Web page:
Uncertainty, Liquidity, and Financial Crisis
RILE Working Paper No. 2011/8
56 Pages Posted: 1 Dec 2011 Last revised: 24 Jun 2013
Date Written: May 8, 2012
This paper investigates the determinants of liquidity crises based on the dynamics of banking and finance under uncertainty. The explanatory power of this framework is tested against the events of the global financial crisis. Despite limited availability of data that can proxy for uncertainty, this approach seems to explain better than others how a relatively small shock, such as the default of subprime mortgages, could trigger a systemic crisis.
The analysis confirms Minsky’s hypothesis of endogenous financial instability derived from Keynes’s theory of liquidity and expectations. Conventional expectations allow overcoming uncertainty via the liquidity of secondary markets and, in turn, of banks’ liabilities that are accepted as money. However, the failure of existing conventions precipitates the system into uncertainty-driven liquidity spirals, which are the more dangerous the more private money financial intermediaries have managed to create in the first place.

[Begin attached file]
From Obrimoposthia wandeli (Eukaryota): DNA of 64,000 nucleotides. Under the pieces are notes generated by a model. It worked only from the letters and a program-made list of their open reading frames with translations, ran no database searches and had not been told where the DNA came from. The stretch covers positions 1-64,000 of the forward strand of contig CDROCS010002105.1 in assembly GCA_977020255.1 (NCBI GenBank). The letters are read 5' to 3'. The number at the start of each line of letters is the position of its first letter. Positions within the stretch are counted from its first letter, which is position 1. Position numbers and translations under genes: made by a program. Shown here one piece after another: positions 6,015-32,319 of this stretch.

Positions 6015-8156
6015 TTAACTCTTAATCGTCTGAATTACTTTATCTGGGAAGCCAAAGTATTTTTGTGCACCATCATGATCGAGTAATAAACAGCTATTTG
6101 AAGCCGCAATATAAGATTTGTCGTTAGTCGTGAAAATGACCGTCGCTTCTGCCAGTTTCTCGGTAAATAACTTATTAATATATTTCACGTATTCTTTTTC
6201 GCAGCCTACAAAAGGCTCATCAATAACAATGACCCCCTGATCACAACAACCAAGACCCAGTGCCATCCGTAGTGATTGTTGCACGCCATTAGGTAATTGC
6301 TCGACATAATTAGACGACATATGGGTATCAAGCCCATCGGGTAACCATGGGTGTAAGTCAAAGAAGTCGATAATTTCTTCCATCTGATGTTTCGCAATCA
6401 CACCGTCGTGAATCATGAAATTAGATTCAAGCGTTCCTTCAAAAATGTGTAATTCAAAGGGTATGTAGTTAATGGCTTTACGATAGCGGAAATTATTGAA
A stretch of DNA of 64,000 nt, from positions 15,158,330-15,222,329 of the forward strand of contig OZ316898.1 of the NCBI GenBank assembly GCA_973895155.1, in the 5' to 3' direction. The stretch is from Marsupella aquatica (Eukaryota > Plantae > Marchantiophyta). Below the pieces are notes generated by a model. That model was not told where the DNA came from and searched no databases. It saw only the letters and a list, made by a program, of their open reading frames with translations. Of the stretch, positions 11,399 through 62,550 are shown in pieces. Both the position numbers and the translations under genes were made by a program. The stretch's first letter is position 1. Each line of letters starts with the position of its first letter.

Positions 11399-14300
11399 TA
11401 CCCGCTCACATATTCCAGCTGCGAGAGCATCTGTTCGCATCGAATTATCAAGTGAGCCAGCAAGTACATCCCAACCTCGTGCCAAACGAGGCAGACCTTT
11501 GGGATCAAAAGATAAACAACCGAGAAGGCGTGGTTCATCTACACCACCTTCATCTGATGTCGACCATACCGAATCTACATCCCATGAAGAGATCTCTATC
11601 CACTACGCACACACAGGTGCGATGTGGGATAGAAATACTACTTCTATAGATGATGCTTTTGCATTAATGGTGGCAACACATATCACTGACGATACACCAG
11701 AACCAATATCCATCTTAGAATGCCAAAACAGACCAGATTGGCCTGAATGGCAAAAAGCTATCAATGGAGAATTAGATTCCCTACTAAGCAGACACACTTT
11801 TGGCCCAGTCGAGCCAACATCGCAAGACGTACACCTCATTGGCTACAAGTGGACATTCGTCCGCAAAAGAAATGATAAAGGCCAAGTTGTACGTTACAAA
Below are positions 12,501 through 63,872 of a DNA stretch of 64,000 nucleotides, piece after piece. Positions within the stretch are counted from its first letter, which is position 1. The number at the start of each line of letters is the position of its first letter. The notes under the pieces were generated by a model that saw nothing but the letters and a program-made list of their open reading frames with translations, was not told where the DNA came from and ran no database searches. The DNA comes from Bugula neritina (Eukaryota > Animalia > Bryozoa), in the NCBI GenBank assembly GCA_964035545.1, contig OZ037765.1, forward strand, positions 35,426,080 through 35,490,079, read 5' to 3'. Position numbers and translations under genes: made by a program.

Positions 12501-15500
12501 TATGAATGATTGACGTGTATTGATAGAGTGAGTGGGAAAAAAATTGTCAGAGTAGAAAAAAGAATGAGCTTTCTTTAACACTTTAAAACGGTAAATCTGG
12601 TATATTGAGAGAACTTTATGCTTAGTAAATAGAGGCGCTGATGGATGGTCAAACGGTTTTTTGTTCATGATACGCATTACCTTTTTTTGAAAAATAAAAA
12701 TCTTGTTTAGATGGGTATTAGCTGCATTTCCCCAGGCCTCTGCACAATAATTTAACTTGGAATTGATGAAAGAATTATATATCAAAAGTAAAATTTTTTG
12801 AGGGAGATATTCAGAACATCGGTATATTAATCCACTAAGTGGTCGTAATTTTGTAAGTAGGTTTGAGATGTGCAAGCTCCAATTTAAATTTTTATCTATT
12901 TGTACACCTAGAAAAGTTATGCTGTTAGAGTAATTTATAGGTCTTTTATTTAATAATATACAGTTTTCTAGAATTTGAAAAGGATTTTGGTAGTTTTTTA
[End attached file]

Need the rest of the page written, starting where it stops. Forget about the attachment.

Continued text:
This approach has a number of policy implications, two of which are discussed in this paper.
First, financial crises should be policed by tailoring the lender of last resort function of central banks to the creation of private money. By the same token, banking should be defined and regulated according to this monetary function performed by financial intermediaries, whether banks or non-banks. These institutions should face payout restrictions while being prevented from using retained earnings to increase the quantity of private money they can create through their balance sheet.
Second, corporate governance of banks should insulate managers and controlling shareholders from the short-termism of stock markets. Inasmuch as myopic stock markets drive balance sheet choices of banks, investor-friendly corporate governance is a major amplifier of liquidity crises. This paper thus suggests combining long-term remuneration with the possibility for bank managers to claim a compensation for parting with control. Similar implications are derived for controlling shareholders.
Keywords: uncertainty, financial crisis, expectations, securitization, haircuts, liquidity, lender of last resort, corporate governance, private benefits of control
JEL Classification: D80, G01, G28, G38, K22
Suggested Citation: Suggested Citation